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03/27/90 GEORGETOWN UNIVERSITY v. SPORTEC

COURT OF APPEALS OF THE DISTRICT OF COLUMBIA


March 27, 1990

GEORGETOWN UNIVERSITY, PETITIONER
v.
SPORTEC INTERNATIONAL, INC., ET AL., RESPONDENTS

Certification of a Question of Law from the United States Court of Appeals for the District of Columbia Circuit

Before Ferren, Belson, and Terry, Associate Judges, in chambers.

The opinion of the court was delivered by: Per Curiam

PER CURIAM:

This case presents the issue whether we will decide a question of law, certified to us by the United States Court of Appeals for the District of Columbia Circuit, when the certified question is the subject of an interlocutory appeal in a case pending before the United States District Court for the District of Columbia. Under the circumstances, we decline to consider the certified question at this time.

I.

In early 1987, Georgetown University (Georgetown) contracted with Daniel F. Tully Associates, Inc. (Tully), an architectural firm, for design services related to the renovation of the roof of Yates Field House (Yates), an athletic facility located on the campus of Georgetown University. The renovation plans included the installation of a new track and field on the roof of Yates. Subsequently, on April 13, 1987, Georgetown entered into a separate contract with Sportec International, Inc. (Sportec), to act as general contractor for the project. No contractual relationship existed between Tully and Sportec. Under the terms of the Georgetown-Sportec contract, Sportec was to remove the existing athletic field, track, and external roofing from the top of Yates. In addition, Sportec was to replace the roof and install artificial sports field and running track surfaces manufactured by Mondo Rubber International, Inc.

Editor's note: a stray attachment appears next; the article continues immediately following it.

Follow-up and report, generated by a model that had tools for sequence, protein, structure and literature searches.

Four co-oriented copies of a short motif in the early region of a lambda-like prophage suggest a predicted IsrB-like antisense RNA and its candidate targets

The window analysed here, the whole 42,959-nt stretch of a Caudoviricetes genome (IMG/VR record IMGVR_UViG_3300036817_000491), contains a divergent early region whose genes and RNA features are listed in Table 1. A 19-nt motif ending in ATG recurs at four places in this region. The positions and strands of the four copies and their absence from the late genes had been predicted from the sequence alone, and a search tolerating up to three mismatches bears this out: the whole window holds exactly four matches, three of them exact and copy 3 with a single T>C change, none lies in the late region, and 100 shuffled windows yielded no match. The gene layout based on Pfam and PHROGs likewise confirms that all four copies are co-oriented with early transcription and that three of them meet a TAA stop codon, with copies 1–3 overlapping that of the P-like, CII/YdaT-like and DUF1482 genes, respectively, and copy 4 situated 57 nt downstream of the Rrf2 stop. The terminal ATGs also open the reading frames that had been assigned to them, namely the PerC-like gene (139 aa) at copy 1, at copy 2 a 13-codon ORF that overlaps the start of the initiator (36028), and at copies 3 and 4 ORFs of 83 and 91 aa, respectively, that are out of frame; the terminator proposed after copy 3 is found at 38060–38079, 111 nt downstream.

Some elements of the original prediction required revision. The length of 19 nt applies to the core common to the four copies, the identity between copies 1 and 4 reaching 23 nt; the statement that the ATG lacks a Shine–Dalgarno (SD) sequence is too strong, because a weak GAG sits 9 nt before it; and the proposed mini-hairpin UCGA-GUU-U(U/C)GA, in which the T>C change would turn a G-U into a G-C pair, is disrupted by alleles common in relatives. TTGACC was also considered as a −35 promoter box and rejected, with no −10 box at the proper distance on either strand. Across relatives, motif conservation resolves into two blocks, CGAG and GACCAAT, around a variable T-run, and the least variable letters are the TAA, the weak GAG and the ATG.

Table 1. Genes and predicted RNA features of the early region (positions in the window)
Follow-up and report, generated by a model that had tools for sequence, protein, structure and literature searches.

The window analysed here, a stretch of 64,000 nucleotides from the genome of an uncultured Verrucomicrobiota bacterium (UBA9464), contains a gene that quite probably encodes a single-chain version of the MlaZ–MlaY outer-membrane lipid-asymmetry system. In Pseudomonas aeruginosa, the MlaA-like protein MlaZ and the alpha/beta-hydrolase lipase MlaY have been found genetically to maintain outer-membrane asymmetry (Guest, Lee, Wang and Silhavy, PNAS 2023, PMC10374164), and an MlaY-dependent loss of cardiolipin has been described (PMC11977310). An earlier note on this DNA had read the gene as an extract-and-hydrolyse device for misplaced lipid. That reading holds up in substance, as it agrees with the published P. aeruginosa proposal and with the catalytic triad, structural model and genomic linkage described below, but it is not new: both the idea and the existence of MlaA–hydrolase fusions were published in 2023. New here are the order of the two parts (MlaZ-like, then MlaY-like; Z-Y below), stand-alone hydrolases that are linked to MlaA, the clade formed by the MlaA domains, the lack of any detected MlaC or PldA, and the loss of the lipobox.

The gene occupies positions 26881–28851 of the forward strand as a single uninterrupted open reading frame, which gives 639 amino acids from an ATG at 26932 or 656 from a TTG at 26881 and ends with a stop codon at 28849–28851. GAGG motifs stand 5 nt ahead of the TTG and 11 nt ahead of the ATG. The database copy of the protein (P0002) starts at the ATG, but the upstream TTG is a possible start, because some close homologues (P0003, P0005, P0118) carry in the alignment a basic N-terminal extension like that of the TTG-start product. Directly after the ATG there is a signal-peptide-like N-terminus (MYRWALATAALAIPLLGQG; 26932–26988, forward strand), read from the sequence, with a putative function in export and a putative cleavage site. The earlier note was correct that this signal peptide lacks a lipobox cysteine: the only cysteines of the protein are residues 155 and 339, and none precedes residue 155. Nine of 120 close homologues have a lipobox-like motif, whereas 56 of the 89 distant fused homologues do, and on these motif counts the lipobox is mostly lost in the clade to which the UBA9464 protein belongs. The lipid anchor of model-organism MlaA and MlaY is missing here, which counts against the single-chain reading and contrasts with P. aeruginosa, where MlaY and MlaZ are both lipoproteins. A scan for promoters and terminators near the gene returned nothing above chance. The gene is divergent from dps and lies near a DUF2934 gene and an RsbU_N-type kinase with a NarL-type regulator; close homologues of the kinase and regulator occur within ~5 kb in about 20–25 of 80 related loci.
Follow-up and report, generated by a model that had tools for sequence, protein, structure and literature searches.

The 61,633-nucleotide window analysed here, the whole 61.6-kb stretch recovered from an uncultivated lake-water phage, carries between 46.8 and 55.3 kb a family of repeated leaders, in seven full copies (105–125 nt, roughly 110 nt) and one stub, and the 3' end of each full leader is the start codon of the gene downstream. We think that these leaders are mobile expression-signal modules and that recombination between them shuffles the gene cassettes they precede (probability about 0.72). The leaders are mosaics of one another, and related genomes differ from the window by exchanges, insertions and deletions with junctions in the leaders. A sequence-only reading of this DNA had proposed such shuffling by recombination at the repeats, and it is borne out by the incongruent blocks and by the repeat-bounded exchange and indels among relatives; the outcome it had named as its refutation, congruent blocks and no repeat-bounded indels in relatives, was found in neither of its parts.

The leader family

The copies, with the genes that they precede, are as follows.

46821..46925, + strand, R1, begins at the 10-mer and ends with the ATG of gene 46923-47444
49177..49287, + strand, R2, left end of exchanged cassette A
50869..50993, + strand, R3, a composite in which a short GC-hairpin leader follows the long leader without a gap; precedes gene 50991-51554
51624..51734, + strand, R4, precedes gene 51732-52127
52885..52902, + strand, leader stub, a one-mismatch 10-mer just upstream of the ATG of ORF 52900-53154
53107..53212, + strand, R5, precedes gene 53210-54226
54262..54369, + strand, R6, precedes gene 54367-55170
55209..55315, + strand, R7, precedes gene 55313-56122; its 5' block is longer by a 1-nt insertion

Before Sportec completed the track, bulges and blisters appeared on its surface. As a result, the track portion of the project was not completed. Georgetown advised Sportec that it was rejecting the track and demanded that it be removed and reinstalled per contract specifications. Subsequently, Georgetown filed a complaint in the United States District Court for the District of Columbia against Sportec alleging breach of contract and unjust enrichment.